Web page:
Seymour’s work with women ministers continued. He was invited by Neely Terry, a Holiness woman from Los Angeles, to pastor a Holiness congregation in California which had been founded by Julia W. Hutchins. Seymour traveled to Los Angels bearing the message that speaking in tongues was the necessary evidence of the Pentecostal experience, but Hutchins rejected his preaching and locked him out. He found refuge in the home of Richard and Ruth Asberry on Bonnie Brae Street, where he conducted several weeks of prayer meetings. When on April 9, 1906 Seymour finally manifested the tongue-speaking experience he had promoted in his preaching, a revival broke out and crowds began to gather at the Bonnie Brae Street residence and in the streets. He leased a vacant building at 312 Azusa Street in Los Angeles from the Stevens African Methodist Episcopal Church (where several persons worshipping with him had formerly been members), a two story wooden structure located in a poor black neighborhood in Los Angeles, near some stables and lumberyard. Within a few days more than a thousand persons were trying to enter the small mission building, and the Azusa Street Revival was underway. The core group consisted primarily of black female domestic workers, but over a period of three years, from 1906 to 1908, the Revival drew persons of every race, nationality, and culture. In Seymour’s own words, “the work began among the colored people. God baptized several sanctified was women with the Holy Ghost, who have been much used of Him.”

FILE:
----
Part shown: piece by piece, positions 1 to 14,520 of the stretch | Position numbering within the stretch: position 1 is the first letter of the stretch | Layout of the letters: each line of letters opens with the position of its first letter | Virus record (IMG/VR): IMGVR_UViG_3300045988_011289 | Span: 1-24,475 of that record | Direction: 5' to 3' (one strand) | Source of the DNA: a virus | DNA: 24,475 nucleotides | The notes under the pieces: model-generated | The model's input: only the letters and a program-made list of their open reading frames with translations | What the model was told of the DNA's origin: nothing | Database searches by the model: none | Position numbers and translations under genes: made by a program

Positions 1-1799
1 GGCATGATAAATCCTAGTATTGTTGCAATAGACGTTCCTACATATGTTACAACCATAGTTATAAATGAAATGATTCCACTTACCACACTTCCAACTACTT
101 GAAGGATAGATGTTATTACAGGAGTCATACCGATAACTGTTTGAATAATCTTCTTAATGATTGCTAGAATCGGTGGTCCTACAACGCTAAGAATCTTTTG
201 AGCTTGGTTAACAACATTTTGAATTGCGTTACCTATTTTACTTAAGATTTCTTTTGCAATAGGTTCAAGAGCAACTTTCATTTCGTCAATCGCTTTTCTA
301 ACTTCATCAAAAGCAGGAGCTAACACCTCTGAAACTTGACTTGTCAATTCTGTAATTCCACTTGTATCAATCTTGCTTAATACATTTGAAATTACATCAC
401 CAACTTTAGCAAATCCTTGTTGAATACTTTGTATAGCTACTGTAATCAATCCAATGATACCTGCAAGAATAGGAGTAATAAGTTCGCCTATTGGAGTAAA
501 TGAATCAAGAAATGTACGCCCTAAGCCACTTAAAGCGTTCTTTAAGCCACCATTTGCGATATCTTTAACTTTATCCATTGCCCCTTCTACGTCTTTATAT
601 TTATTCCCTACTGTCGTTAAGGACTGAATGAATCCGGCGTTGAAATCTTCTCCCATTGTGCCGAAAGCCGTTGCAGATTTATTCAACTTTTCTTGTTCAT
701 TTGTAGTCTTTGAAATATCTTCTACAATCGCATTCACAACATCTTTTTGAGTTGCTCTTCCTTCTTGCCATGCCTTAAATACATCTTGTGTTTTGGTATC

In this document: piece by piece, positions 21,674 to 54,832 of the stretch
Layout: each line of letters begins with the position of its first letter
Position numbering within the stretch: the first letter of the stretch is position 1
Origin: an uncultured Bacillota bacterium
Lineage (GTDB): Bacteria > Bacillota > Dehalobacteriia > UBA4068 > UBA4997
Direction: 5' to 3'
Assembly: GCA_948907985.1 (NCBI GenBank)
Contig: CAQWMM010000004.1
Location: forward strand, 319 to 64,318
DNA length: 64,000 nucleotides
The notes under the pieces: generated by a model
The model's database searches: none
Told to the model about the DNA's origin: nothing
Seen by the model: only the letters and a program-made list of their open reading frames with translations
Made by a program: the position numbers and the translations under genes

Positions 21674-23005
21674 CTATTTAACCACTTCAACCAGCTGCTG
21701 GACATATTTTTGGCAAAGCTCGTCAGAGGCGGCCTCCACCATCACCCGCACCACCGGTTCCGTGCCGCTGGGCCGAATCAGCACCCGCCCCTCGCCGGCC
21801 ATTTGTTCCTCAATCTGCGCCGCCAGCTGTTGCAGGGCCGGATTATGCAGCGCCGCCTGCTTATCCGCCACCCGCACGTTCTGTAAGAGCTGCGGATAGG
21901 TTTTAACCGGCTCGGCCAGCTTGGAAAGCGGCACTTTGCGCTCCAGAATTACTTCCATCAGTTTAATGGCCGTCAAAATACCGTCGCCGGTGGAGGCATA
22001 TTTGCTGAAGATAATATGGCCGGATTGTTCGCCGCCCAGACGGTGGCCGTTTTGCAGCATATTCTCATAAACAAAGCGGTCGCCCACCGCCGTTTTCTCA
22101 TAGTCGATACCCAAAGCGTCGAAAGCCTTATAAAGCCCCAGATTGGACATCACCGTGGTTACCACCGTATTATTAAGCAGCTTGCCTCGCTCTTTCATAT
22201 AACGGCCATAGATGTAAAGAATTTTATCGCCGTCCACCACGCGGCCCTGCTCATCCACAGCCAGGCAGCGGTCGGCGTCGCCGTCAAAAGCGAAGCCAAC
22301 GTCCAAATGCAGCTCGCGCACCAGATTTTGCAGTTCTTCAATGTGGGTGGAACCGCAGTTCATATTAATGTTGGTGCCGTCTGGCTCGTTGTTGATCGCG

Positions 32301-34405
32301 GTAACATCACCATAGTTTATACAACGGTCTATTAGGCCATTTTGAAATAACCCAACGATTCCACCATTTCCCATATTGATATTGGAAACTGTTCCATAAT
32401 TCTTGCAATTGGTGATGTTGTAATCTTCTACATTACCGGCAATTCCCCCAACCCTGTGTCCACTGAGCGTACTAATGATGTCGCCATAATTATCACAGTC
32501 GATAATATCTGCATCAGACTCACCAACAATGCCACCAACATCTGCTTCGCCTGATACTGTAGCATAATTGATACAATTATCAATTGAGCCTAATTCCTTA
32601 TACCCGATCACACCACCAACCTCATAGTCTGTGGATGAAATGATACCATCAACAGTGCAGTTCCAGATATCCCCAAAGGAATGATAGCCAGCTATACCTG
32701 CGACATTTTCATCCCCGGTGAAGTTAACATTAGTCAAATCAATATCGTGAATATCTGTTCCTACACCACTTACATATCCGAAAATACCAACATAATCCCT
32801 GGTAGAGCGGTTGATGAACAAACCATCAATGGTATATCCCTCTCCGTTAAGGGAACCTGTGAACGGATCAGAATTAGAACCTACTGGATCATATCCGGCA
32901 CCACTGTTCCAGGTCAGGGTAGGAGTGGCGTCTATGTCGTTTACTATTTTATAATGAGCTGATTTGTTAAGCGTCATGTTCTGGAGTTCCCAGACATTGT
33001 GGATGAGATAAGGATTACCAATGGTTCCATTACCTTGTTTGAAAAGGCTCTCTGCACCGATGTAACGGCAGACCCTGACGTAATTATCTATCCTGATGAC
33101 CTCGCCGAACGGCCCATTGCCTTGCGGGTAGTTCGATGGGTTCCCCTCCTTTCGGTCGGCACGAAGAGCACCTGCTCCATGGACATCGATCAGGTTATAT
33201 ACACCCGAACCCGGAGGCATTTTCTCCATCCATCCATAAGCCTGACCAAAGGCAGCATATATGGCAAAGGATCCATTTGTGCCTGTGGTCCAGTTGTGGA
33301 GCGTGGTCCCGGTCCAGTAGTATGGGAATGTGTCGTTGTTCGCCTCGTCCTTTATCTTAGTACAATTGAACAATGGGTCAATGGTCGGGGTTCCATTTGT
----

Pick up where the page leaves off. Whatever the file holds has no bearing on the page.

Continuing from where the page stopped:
On the surface, this account of the Azusa Street Revival presents an all too familiar image of a black man leading a congregation of black women that seems less than empowering from the vantage point of gender. The Revival resulted from the partnership of women and men unified by their desire to experience the spiritual empowerment of speaking in tongues. Seymour was largely mentored, guided, and offered a context for ministry by women. Women were involved in every aspect of his spiritual development: moreover, women were willing to follow his tongues doctrine and experience its full effects as a public witness. In this light, the locus of empowerment was not the cooperation of men and women with each other as an end in itself. Rather, the people were spiritually empowered by their ability to respond to charismatic leadership, a process facilitated by the willingness of one man to welcome the participation and preaching of women. And when the desired spiritual manifestations came forth among this humble gathering, the experience of corporate charismatic empowerment drew attention from all parts of the world.